Recently, our team completed a project in which we designed a Listening Session to spread awareness of a new marketing effort for one of our clients. It was a three-hour engagement with a variety of guest speakers and panels of subject matter experts, however the part that I enjoyed the most was designing a Listening Guide for the audience.
The guide contained a series of interactive sections to dovetail the information being shared onstage. It was designed to lead the audience toward self-discovery and pull information from them. This level of attention to how the audience takes in information is crucial to managing any kind of change.
When planning to announce a new initiative or change, most companies will pay a great deal of attention to the actual announcement. They’ll likely give thought to the word choice, the medium of communication, and the timing. They may even have a team dedicated to planning an event for the launch. More often than not, these efforts will fulfill an intention at an acceptable level. However, the capacity of The Many to fully embrace something new and different exceeds that of The Few to push information outwards. As a result, this capacity often goes untapped.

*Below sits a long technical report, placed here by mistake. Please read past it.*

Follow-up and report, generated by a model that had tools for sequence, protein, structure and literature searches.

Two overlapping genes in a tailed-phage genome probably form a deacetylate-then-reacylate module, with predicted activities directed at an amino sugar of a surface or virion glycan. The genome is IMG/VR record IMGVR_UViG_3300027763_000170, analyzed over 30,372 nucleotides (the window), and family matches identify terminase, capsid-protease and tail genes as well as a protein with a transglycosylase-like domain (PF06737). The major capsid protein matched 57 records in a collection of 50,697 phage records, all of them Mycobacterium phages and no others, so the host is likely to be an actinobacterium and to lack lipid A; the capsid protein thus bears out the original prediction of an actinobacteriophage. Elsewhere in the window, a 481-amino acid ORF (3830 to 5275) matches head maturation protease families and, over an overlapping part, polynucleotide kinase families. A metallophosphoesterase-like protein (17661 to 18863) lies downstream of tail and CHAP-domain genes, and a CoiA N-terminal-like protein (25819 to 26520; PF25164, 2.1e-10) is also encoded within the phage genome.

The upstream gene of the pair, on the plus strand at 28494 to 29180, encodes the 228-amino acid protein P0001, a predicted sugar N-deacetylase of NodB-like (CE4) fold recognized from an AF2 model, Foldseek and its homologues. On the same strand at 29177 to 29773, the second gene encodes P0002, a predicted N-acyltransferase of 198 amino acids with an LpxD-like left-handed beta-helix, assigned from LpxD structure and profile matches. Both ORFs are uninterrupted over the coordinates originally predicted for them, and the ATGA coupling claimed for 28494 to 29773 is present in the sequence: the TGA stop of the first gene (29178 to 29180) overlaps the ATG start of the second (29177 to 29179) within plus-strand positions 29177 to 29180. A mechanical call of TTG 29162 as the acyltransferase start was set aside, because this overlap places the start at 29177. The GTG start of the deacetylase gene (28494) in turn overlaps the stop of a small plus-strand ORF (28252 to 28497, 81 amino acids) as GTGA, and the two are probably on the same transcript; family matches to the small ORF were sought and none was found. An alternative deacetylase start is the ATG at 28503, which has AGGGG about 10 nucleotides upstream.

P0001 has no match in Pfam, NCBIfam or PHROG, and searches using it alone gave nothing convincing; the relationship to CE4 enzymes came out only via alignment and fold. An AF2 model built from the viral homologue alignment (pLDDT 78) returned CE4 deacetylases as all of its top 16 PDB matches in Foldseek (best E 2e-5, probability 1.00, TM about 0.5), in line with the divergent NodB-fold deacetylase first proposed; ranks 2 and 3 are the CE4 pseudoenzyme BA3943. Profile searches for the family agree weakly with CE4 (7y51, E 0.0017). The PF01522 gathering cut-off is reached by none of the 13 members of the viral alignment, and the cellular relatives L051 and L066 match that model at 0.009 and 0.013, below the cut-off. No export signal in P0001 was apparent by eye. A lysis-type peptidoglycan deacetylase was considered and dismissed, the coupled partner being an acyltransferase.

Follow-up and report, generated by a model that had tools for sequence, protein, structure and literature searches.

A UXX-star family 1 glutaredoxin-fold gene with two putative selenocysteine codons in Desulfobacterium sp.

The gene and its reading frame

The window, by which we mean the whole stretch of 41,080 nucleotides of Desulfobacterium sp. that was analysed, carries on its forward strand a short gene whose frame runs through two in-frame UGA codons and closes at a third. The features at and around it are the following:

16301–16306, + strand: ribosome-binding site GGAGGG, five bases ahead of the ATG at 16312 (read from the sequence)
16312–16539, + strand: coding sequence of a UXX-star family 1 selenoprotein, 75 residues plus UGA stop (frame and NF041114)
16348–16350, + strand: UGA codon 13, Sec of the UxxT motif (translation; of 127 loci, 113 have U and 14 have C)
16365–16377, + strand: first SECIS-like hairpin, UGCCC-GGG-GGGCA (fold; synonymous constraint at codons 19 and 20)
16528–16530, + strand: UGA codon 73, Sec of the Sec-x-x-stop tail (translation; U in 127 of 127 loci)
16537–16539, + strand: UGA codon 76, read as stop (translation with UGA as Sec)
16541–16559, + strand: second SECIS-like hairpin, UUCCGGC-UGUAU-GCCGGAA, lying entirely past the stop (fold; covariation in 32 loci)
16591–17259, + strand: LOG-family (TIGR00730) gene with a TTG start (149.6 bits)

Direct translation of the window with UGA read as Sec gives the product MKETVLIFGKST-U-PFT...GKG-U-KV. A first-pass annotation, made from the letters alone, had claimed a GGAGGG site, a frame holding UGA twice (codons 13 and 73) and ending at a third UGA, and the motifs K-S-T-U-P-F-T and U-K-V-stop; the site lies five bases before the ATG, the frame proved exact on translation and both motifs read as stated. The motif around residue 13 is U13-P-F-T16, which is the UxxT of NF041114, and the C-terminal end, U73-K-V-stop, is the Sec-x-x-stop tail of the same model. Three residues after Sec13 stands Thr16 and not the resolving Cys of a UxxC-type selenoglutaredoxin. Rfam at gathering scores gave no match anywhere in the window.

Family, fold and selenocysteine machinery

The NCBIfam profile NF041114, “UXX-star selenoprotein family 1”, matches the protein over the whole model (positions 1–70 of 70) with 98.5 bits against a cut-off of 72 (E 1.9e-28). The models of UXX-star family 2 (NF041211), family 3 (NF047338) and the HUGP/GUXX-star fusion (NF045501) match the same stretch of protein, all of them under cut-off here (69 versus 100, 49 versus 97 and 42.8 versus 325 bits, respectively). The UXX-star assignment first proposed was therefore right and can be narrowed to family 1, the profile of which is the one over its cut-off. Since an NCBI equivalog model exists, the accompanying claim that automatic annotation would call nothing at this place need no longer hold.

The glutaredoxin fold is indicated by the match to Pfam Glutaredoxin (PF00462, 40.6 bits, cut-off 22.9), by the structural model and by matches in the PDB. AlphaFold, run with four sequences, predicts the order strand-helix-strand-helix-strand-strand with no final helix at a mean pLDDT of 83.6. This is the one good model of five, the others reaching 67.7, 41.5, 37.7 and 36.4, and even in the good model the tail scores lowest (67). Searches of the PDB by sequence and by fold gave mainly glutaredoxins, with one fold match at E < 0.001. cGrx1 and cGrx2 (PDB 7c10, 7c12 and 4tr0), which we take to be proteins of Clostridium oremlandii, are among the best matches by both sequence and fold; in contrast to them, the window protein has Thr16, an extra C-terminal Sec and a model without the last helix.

Everyone has stories from work of initiatives that fell by the wayside due to lack of engagement. For the more seasoned employees, the launch of something new can become white noise—just another company announcement. It’s certainly a challenge, but I think there's a difference between planning what you want to say and planning what you want others hear. To me, this is the difference between fulfilling an intention at an acceptable level and fulfilling an intention at the upper end of what's possible.
My favorite projects are the ones in which we operate on the side of The Many and empathically design ways to equip the audience for change.